What Is Serological Testing and Why Is It Important?
On April 4, the Indian Council of Medical Research issued an advisory to begin antibody blood tests for Covid19 in ‘hotspot’ areas that have reported clusters of migrants and for evacuee centers.
“[Serological testing] will help us know the exact proportion of population which was actually infected with the disease,” said Dr T Jacob John, former head of the Indian Council for Medical Research (ICMR)’s Centre for Advanced Research in Virology to Livemint.
Serological tests, also known as antibody tests, can determine whether a particular pathogen has been present by screening for the presence of antibodies. Antibodies are proteins used by the immune system to fight bacteria and viruses; if they are present in the bloodstream, they serve as evidence that the person’s immune system fought a particular pathogen.
Antibody tests can only be conducted on blood, but many such tests can be run with only a fingerpick test and a few drops of blood. Furthermore, these tests are cheaper, and faster to run, than the nasal swab tests for active coronavirus infection. However, antibody tests cannot confirm whether an infection is active and contagious, or whether the person’s immune system has effectively fought off the virus and they are no longer transmitting it.
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Antibody tests are vital to fighting the spread of Covid19 for several reasons. They may show that the person has been exposed to the virus and therefore, has some immunity to it, writes Delhi-based cardiologist, Deepak Natarajan, for The Wire. This would allow people who have been exposed to the virus, but were asymptomatic, to go back to work or school with a relative degree of safety for themselves and those around them.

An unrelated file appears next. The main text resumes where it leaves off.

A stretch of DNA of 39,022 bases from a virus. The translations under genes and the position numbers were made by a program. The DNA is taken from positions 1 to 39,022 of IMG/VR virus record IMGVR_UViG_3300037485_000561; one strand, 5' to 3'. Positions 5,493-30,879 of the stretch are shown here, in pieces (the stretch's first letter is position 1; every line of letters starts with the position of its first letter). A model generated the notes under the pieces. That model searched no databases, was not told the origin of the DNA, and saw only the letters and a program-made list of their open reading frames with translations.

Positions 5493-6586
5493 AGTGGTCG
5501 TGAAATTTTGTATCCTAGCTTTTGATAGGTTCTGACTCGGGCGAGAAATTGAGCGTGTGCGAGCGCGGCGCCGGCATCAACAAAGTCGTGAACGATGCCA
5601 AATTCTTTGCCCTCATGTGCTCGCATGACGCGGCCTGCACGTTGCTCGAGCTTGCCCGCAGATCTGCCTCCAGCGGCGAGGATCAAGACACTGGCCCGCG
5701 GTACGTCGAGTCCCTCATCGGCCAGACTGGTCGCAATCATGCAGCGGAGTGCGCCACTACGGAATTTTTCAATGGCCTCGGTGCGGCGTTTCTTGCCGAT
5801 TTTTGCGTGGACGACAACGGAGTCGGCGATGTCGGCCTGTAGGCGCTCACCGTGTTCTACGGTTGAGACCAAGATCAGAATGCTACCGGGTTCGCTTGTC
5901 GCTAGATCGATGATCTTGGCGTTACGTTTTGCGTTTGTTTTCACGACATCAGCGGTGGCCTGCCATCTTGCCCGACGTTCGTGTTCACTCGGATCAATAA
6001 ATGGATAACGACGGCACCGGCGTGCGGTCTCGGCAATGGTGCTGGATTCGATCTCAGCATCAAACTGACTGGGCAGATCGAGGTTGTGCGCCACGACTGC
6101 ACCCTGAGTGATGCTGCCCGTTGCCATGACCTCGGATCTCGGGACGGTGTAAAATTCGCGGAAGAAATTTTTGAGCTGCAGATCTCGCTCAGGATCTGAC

Reliable antibody tests would also allow frontline healthcare workers who have been exposed and recovered to return to work without concern for themselves, their patients, or their families.
What we do no not yet know, Dr. Natarajan says, is how long the presence of these antibodies will confer immunity on people who have been exposed. Some recent experiments, give scientists reason to believe people could be immune to the novel coronavirus, at least for some time. But this evidence is complicated by other reports that 5%-10% of recovered patients in Wuhan did test positive again. Only time and data will help researchers understand better how — and for how long — coronavirus antibodies confer immunity after exposure.
Furthermore, the current antibody tests we have for Covid19 are not entirely reliable. We will need to aggregate far more data on how people’s immune systems respond to this novel virus before we can be entirely sure what determinations to make from the presence of the antibodies: which level confers immunity, and for how long.
The availability of a reliable and widely used antibody test will be essential in deciding when it will be safe to lift countries’ lockdowns and resume a normal life… at least until we have a widely available, effective vaccine.
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